Will Modern Antitrust Enforcement Swallow Up Intellectual Property Rights?

Following are excerpts from a panel discussion entitled "Will Modern Antitrust Enforcement Swallow Up Intellectual Property Rights?," which was part of a seminar concerning the Microsoft antitrust case. The seminar took place on September 23, 1998, in Washington, D.C. The first excerpt is from Mr. Joseph Kattan, a partner with the Washington law firm of Gibson, Dunn and Crutcher. Prior to entering private practice in 1993, Mr. Kattan headed the office of policy and evaluation at the Federal Trade Commission's Bureau of Competition. He currently serves as the chair of the Intellectual Property Committee of the American Bar Association's Antitrust Section.

Mr. Kattan: . . . The question is whether intellectual property is going to be swallowed up by antitrust enforcement, and it's certainly my fervent hope that it won't be. One of the reasons for that is that . . . the intellectual property guidelines that . . . were adopted by both the Justice Department and the FTC, really put in place an analytical framework for analyzing intellectual property issues under the antitrust laws in a way that recognized the pro-competitive nature of intellectual property [and] licensing arrangements, [and] did away or walked away from conventional wisdom [to] which the Supreme Court had subscribed very recently -- [that] the mere existence of intellectual property creates market power -- [and] affirmed the fact that even [when] intellectual property creates market power, [that] does not create an obligation on the part of the owner of intellectual property to license its IP or to share its IP with anybody else.

The basic framework of those IP guidelines is that intellectual property arrangements do not create any kind of antitrust concerns unless they result in a diminution of competition in a relevant market among companies that would have been competitors in the absence of the arrangements. . . .

So, it is certainly true that today we are dealing in an enforcement environment in which the government agencies are dealing under guidelines that recognize the proper role of intellectual property and the pro-competitive aspect of intellectual property arrangements. One unfortunate effect of the IP guidelines is that IP licensing and IP issues become almost the issue du jour or the theory du jour, and [have] spawned a lot of IP antitrust cases. . . .

. . . . [D]id the guidelines . . . create . . . a lot of cases that have been brought that are . . . questionable? I want to spend the balance of my time talking about one such case . . . I'm very personally and intimately involved in this case, which is the FTC's case against Intel. And if the question of the day is will antitrust enforcement swallow up intellectual property, this is certainly the one case that poses [that] risk. . . . What the FTC is challenging is Intel's refusal to license some of its intellectual property to companies that have refused to license their intellectual property to Intel. Indeed, these are companies that have sued Intel for patent infringement. The basic fact pattern involves three companies that were customers of Intel -- Compaq, Digital Equipment or DEC and Intergraph -- and two of those companies, DEC and Intergraph, not only sued Intel for patent infringement, but sought an injunction that would have prohibited Intel from shipping the microprocessors that account for the overwhelming share of its revenues. Now, these plaintiffs happen to be companies that were favored by Intel with advanced access to Intel intellectual property that most companies in the industry did not get. That intellectual property took the form of samples of future microprocessors that are protected by literally hundreds of patents, and copyrighted information embodying incredibly sensitive trade secrets relating to these future microprocessors that have not been publicly announced.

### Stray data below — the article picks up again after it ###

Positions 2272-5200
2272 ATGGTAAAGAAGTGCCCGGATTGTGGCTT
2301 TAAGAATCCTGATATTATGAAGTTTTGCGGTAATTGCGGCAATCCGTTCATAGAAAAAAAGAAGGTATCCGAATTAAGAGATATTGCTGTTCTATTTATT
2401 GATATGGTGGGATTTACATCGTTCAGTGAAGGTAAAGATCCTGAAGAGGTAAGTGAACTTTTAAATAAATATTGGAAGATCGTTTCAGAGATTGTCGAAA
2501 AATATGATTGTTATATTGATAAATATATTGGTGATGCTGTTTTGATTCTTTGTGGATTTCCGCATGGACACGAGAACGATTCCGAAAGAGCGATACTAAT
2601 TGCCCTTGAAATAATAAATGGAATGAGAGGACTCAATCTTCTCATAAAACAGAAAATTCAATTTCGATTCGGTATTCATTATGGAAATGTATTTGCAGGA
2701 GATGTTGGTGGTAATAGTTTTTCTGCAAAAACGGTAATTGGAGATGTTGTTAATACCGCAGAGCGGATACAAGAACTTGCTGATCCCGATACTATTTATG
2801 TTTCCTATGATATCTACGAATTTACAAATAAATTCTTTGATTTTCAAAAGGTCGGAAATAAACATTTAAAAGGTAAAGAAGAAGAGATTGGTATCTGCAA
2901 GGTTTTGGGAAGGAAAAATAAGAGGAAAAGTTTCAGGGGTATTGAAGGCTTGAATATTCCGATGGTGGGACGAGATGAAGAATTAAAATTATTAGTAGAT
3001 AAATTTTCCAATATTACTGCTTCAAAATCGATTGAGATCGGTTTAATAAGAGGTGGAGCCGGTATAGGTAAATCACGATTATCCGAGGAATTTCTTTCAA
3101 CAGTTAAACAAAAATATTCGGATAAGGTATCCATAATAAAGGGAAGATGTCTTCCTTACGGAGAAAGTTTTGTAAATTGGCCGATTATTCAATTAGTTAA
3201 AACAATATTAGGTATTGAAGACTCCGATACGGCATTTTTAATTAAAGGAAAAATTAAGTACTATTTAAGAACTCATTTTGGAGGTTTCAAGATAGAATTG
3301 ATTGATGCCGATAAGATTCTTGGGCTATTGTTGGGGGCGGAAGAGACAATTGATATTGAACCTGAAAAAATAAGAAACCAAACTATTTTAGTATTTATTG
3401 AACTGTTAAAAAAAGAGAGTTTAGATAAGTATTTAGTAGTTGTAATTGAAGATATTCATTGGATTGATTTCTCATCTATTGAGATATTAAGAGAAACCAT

Now, Compaq and DEC and Intergraph, have a perfect right under the IP laws to deny Intel the right to use their IP to the extent that they have valid intellectual property rights, and to the extent that those rights are infringed by Intel. That's the basic right that the law gives to every IP holder. But this is also an entitlement that Intel shares, and it's something that, at the moment, the Federal Trade Commission does not seem to recognize.

Intel also has a right to license its intellectual property, and to deny license[s] to its intellectual property. In this particular case, the company concluded that it was prepared to license its intellectual property on a value-for-value basis. But it would not provide access to patented future products and to very sensitive trade secrets to companies that are refusing to license their IP to it. And so, it withheld from these companies advanced samples of future microprocessors and trade secrets that relate to those microprocessors. This is what the FTC says violates the law; the FTC says that Intel did not have the basic right to withhold its intellectual property from parties that are withholding their intellectual property from it.

. . . . The assault on intellectual property lies in the FTC's contention that Intel, because it has been successful, does not have the right as an IP owner to choose the parties to whom it will license the intellectual property. The FTC says, Intel has an obligation to license its intellectual property to the three companies that have sued it, has an obligation to license its IP to companies that will deny their IP to it.

Indeed, it must make disclosures about future microprocessors to companies that are seeking to enjoin it from shipping its microprocessors. It has to make disclosures about the very microprocessors that the injunction would stop them from shipping. And this is all under an Aspen [Skiing Co. v. Aspen Highlands Skiing Corp., 472 U.S. 585 (1985)] kind of theory that basically says, you once went on a first date, you're married for life. You once made a disclosure of confidential information to these parties, you just can't stop.